As the jaded editor of a motorcycle publication and website who has seen more motorcycle races in his life than some people have had hot meals, MotoGP is confusing the hell out of me. In fact, I’m having a hard time explaining what’s going on to my friends who look to me as someone who knows. Or should know. Now when I’m trying to tell them what it all means, I’m not sure whose eyes are more glazed over – theirs or mine.
It sure seems like only yesterday when Grand Prix racing was simple. It was the best riders in the world on the baddest motorcycles the factories could produce. Racing against each other. It was good stuff. Go figure. If you wanted a bunch of rules that restricted what you could or couldn’t do to your motorcycles, you raced Superbikes.
I’m going back a bit here, but when MotoGP was 500cc GP the rules were fairly simple: the motorcycles had to be 500cc or less, they had to have four cylinders or less and they had six-speed transmissions. That I could explain.
It basically meant you could focus on Wayne Rainey vs. Kevin Schwantz. Eddie Lawson vs. Freddie Spencer. Kenny Roberts vs. Barry Sheene. Throw in a few arguments about what tires would be better and away you went. And if the Yamaha was better at the start of the season, it didn’t mean the Suzuki/Honda wouldn’t be better by the end, etc. Things changed as crew chiefs/engineers actually engineered mid-season.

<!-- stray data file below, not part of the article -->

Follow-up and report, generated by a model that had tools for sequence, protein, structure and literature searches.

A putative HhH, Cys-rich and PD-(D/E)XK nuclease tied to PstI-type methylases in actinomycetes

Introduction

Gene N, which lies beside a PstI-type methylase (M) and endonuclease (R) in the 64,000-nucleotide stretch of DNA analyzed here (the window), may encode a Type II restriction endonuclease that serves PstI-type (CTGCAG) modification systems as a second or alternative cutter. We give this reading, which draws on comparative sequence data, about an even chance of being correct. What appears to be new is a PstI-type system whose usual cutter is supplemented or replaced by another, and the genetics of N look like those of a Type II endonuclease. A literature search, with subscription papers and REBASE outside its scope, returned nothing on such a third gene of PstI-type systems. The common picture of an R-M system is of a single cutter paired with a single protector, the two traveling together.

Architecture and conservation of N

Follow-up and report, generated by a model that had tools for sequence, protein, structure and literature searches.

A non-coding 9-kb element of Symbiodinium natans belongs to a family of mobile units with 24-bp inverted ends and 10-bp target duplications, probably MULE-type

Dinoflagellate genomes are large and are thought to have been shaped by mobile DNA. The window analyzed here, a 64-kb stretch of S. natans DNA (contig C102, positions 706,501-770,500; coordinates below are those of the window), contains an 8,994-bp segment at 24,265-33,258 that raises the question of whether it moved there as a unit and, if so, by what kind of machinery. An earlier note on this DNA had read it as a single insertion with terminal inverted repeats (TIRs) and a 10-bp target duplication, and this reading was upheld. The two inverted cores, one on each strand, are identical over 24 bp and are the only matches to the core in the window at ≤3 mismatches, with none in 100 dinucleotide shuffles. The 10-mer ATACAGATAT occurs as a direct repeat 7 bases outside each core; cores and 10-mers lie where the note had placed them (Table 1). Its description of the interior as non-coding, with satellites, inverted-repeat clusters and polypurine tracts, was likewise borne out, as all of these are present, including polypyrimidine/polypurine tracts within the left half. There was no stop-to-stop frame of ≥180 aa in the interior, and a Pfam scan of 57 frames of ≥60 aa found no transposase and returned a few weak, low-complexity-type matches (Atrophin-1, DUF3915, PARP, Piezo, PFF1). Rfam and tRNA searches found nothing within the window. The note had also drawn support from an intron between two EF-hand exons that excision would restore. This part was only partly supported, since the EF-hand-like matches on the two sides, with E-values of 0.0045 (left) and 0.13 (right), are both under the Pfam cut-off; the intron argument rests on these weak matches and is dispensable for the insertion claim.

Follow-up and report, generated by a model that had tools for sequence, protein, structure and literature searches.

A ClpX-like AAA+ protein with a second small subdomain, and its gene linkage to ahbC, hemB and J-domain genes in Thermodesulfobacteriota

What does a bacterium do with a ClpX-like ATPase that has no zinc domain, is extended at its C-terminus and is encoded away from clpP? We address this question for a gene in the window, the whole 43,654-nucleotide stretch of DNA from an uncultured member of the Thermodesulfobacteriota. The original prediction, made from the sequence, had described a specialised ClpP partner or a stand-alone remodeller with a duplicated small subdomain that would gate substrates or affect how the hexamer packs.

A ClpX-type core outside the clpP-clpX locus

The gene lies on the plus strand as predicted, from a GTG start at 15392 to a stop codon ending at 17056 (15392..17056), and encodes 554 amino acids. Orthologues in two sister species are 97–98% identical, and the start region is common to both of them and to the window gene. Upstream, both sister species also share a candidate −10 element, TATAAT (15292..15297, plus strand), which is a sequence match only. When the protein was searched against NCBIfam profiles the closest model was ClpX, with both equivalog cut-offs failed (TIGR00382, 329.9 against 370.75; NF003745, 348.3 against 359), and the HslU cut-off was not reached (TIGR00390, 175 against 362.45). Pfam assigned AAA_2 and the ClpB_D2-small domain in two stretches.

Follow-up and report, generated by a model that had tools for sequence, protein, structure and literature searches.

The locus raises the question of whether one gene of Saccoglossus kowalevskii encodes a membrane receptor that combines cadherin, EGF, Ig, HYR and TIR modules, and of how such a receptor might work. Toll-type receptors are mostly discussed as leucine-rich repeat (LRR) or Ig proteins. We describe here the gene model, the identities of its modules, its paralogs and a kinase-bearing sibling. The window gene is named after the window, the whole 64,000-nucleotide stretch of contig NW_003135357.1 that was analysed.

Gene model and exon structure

Now it’s “Factory” class, “Open” class… “Factory 2?” Now it’s fuel restrictions, ECUs, software… sealed engines with no in-season development. And the tires are all made by a single manufacturer and they have stripes painted on the sidewalls so you know who is using what (which actually is a pretty good idea in a series with too many bad ones.).
My father Kel won six World Championships as a crew chief in an era when that still meant something. If he applied for the job now, they’d likely choose the pimple-faced kid at the Apple store instead.
But when I get frustrated about MotoGP, I give the old man a call to talk about something other than family, projects around the house I need him to help with, what movies he’s seen lately, etc. Misery loves company and it’s always nice to chat with someone who is at least as equally frustrated about things than you. So I gave dad a call this morning to pick his brain on MotoGP – since together we can usually fix most anything (actually, he fixes, I just hand him tools and make him tea). I got him fired up and let him loose with a simple request for him to remind me of what sort of controls they had on fuel use “back in the day.”
To read more of Carruthers Says in this week’s Cycle News, click here